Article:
My Child Steals – Counsellor Scott Wardell Tells Us Why and What To Do
Parents need to know that it is very common and normal for children under the ages of four and five to take things that do not belong to them without understanding the concept of stealing. Children need to be taught lessons in personal property and not taking something without permission. Children under the age of five are generally self-centered and their primary focus is often seeing and taking what they want. That’s why parents need to begin teaching their child the manners involved in asking permission to take, borrow or use someone else’s belongings. Parents who overlook these important lessons often receive embarrassing phone calls from their child’s school, youth programs or neighbours in regards to their child’s theft issues.
Why Do Children Steal?
There are many reasons why children may take things that do not belong to them. Parents need to become more concerned when they see a repeated pattern of stealing and are beginning to identify their child with more then one of the reasons for stealing listed below.
- A child may be stealing to get attention. The attention that they may be seeking, other than the parents, may include their peers or brothers and sisters.
- Children often learn from adults. When a child sees a parent take items from their work, neighbours or even stores in front of their children, are modeling the behaviour of stealing. Children often learn from this example that some stealing is acceptable behaviour.
- A child may feel that they “found” an item that does not belong to them, and therefore they may keep the item. Parents need to teach their children that a “found” item is not necessarily theirs to keep.
- A child’s basic needs may not be met. Some children who steal often feel they are lacking something that other children may have. For example: Some of your child’s friends may have pocket money to buy extra food while they are at school. The parent may not view this desire as necessary or the parent cannot afford the “pocket change” to give to their child, so the child steals the money to meet his or her needs.
- Some children steal to gain control or power.
- Some children steal for the thrill. This often occurs with older teens and adults. This type of stealing often becomes habitual.
- Some children steal to fit in or to be accepted by their peers. This type of stealing is often caused by peer pressure.
What Can Parents Do?
Parents who do nothing to react to their child stealing are only condoning the behavior. Parents need to take steps immediately when they catch their child taking something that does not belong to him or her. Below are some parenting solutions that can be implemented for children who exhibit stealing behaviors.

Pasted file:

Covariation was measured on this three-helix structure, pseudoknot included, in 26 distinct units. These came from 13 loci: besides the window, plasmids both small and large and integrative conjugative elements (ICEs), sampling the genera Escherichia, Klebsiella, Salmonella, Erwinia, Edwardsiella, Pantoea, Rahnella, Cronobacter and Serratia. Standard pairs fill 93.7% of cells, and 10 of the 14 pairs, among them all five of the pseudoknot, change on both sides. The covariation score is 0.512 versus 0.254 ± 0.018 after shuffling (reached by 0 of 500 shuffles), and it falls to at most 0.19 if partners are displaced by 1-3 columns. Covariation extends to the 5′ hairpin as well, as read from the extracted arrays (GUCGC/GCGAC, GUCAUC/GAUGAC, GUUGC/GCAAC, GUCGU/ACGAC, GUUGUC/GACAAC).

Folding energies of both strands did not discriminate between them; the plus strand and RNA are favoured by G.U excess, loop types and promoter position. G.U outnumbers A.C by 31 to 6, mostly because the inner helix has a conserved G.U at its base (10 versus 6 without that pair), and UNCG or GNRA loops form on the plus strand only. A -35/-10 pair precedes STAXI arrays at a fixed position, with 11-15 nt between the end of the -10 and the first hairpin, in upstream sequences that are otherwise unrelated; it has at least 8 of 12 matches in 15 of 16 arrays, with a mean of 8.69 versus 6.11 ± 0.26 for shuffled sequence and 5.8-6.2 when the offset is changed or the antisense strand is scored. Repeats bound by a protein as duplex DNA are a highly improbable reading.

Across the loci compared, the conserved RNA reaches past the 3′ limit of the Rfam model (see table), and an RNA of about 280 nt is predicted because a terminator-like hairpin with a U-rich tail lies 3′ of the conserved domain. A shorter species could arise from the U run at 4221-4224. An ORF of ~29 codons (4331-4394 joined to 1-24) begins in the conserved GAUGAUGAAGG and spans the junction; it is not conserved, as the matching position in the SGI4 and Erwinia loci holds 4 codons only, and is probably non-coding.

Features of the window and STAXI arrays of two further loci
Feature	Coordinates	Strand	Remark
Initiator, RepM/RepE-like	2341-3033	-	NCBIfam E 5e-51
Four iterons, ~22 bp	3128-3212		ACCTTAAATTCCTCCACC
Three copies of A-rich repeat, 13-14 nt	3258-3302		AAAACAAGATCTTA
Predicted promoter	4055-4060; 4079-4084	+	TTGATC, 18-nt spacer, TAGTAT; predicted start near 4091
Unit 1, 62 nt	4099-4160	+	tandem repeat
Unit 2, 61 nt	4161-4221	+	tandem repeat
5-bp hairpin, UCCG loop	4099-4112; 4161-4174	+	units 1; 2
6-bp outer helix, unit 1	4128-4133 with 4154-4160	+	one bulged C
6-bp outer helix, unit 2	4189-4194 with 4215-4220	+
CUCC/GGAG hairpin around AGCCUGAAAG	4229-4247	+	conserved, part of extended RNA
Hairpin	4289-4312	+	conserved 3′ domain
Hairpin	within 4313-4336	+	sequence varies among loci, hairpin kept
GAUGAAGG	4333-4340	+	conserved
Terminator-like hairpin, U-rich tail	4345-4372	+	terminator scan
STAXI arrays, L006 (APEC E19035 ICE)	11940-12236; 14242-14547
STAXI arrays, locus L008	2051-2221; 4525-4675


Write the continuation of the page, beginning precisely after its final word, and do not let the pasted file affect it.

- Parents always need to be aware of where their children are and what they are doing.
- Sit down and talk with your child about stealing. The conversation should include what is and what is not stealing. This conversation may take place, depending on your child’s reasoning abilities, between the ages of four and five. Tell your child that stealing is wrong.
- Have your child agree that he or she will not touch some ones property without their permission.
- Make sure that your child knows that there will be natural consequences for stealing. Examples of natural consequences include loss of friends, loss of trust and not having a good feeling about stealing.
- Let your child know that there will be negative consequences from you. Your child should either return the item to the owner or pay for the item. If the child does not have money, he or she should do some extra tasks to earn the money. Hold your child accountable for the inappropriate action.
- If your child is stealing items from other kids at school and the items include things that he or she needs (pencils, paper and crayons), tell your child not to take another student’s belonging, you will buy what is needed.
- Avoid lecturing or labeling your child as a thief. Once your child realises and agrees that the behaviour was wrong the child should be given a chance to start over.
- Put all items that you do not want your child to have in an area that he or she cannot get to them.
- Teach your child that he or she will have a chance to earn the item in the near future. This will teach your child patience and delayed gratification.
- Teenagers who steal often do so for the thrill of the experience. Get your child involved in other activities that will fill their need for excitement.
- Children, especially teenagers who have habitual stealing behaviours, arrest for shoplifting or other reports of theft should see a trained professional (doctor, psychiatrist, psychologist etc.) who specialises in the area of stealing for more necessary interventions.
Scott Wardell is a school counsellor and created Scott Counseling to provide parents with hundreds of free parenting articles online to assist parents with their parenting skills.